Among other things, Danielle credits herself with having had the idea that the couples needed to be split up, which is crap. Everyone in that house knew how that was progressing, and Gerry was perfectly capable of getting there on his own. Shut up, Danielle. The editors help her out by playing a voice-over of Danielle talking about how she and Jason played so brilliantly every week, getting people out, "Boom, boom, boom, boom," and showing pictures of Lori, Tonya, Amy, and Eric. Of course, Danielle and Jason didn't vote for Lori to be evicted, so counting her as one of their "booms" is a little unfair. If we're doing revisionist history, I'd like to be taller.
But anyway. We see how Lisa kicked Danielle's butt in the Little Red Hat endurance competition, and there you have it. A little evil, a lot of luck, and some tolerance for tooth-chattering, and here sit your final two. Next, a series of quick shots -- slime tank, peanut butter bikinis, Eric and Lisa, dead gnomes, Sheryl Crow, hygiene smackdown, chicken livers, sponges -- what a season it's been! How is it possible that it wasn't more interesting? Maybe if there had been more foodborne illness. It certainly felt like there was an adequate supply of nausea, though. Must be something else.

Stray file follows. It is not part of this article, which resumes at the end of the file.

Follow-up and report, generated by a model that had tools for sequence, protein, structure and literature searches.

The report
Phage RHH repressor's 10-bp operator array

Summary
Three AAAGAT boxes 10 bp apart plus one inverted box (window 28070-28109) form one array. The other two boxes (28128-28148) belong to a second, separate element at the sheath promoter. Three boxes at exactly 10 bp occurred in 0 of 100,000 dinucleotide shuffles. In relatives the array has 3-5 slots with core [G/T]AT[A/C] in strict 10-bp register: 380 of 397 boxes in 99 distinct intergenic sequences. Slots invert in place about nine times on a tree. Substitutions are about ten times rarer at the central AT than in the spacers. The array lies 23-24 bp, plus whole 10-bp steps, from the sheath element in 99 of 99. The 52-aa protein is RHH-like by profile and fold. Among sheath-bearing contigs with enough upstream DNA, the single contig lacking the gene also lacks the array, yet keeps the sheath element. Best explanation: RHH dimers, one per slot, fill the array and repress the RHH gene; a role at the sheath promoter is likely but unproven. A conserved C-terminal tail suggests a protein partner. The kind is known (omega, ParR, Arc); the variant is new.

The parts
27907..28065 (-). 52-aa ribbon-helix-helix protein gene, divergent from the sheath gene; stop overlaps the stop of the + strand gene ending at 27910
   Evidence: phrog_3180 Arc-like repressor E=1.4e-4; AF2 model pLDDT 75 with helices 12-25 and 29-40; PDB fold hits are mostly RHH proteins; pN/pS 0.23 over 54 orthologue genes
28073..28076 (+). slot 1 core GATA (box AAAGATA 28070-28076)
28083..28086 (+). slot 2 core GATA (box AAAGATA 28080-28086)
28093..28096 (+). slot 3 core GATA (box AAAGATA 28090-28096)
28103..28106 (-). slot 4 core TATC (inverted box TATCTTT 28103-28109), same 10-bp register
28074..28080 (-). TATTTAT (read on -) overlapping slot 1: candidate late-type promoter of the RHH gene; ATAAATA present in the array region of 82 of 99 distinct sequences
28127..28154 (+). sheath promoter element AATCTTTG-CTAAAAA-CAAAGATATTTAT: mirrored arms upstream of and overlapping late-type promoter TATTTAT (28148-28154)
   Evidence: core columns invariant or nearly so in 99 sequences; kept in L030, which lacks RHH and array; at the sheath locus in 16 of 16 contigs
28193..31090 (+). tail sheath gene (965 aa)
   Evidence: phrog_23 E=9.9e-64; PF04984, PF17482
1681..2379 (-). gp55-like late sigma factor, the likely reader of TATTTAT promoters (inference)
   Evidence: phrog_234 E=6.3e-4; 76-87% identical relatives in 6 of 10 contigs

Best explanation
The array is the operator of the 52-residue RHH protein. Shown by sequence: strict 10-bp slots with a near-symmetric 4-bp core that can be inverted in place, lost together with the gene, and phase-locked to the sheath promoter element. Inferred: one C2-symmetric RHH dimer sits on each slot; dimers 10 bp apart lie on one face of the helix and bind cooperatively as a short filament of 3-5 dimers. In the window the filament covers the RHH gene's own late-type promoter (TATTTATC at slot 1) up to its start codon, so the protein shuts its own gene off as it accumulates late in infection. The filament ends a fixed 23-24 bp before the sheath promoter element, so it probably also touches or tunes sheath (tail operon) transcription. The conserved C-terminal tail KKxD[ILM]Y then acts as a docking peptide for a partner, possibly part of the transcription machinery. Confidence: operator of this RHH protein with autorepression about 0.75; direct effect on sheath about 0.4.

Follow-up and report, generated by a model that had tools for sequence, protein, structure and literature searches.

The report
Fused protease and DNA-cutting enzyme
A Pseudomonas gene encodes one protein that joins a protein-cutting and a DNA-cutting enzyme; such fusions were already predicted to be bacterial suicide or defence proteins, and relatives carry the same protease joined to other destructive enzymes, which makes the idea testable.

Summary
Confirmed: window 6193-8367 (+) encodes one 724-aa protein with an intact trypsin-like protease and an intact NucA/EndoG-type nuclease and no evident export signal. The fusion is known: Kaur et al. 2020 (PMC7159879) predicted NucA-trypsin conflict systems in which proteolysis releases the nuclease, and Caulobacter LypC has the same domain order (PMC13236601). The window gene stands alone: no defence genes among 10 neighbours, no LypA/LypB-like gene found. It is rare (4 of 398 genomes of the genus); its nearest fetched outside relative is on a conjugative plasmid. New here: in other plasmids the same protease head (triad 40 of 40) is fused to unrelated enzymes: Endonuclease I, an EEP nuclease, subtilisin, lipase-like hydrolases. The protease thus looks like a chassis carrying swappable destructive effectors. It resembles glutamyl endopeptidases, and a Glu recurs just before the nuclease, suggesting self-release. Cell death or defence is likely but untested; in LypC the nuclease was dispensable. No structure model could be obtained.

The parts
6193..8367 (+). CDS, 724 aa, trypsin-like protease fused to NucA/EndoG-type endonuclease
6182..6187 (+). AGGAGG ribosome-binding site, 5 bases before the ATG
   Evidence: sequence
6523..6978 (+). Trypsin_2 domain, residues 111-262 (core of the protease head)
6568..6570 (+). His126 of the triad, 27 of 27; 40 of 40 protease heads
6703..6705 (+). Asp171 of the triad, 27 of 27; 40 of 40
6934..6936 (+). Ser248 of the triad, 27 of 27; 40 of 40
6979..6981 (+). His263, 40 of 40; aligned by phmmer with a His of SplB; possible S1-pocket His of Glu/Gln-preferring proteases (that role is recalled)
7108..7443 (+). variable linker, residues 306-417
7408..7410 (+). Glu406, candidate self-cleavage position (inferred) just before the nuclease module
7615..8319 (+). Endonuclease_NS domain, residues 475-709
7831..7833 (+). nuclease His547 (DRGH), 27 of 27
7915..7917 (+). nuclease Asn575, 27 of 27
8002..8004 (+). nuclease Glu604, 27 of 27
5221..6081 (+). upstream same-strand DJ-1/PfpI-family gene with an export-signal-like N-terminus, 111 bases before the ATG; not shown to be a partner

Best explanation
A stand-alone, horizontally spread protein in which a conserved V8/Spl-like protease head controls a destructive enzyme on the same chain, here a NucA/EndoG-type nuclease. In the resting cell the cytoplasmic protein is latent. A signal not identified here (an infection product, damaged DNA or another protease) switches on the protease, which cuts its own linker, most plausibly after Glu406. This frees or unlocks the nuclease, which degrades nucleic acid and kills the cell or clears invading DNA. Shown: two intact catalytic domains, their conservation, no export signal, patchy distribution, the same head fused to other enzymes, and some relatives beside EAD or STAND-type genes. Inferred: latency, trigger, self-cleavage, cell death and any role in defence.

All twelve original houseguests toast themselves in blue and white. Ah, alcohol. My sweet friend. Then Danielle and Lisa toast each other, and say "final two" for about the twelfth time in these first five minutes. Okay, someone's getting slapped. And not with my hand, either. I'm looking around the apartment for something handy, and the pan I made dinner in is looking pretty good.
Julie reminds us that the ten evictees are back to give their votes. We go to a large living-room set, where all ten of those who've gone before are sitting around in a circle, preparing to act just about the way they did when they were in the house, except with better wardrobe and less card-playing. And with no one watching them in the bathroom, I guess. Tonya gets the self-pity-fest off to a flying start. She says that she had a really difficult time with the things people said about her that she didn't get to see until she got home. She singles out Marcellas -- probably at least in part because of the "stripper masquerading as a mother" speech, although I think she was able to get the sense from reading about the feeds that he and Amy were pretty thoroughly brutal in the way they talked about her from Day One. (That would be Marcellas of the Big Golden Heart of Huge Enormous Sweetness, as he would undoubtedly characterize it.) "My kids saw that," she says with sadness and a sort of heavy-handed, guilt-inducing dismay that you'd think might be reserved for a woman who didn't walk around wearing nothing but food quite as often as this particular woman did. I mean, I understand that you don't have to become a sexless drone just because you have kids, and I'm not denying her her fun, but it looks to me like she uses her kids here to leverage sympathy that's just not called for. And that's pretty bad. If you want people to be guarded about what they say about you in front of your kids, you have to behave like you at least care that your kids are watching. Which she didn't.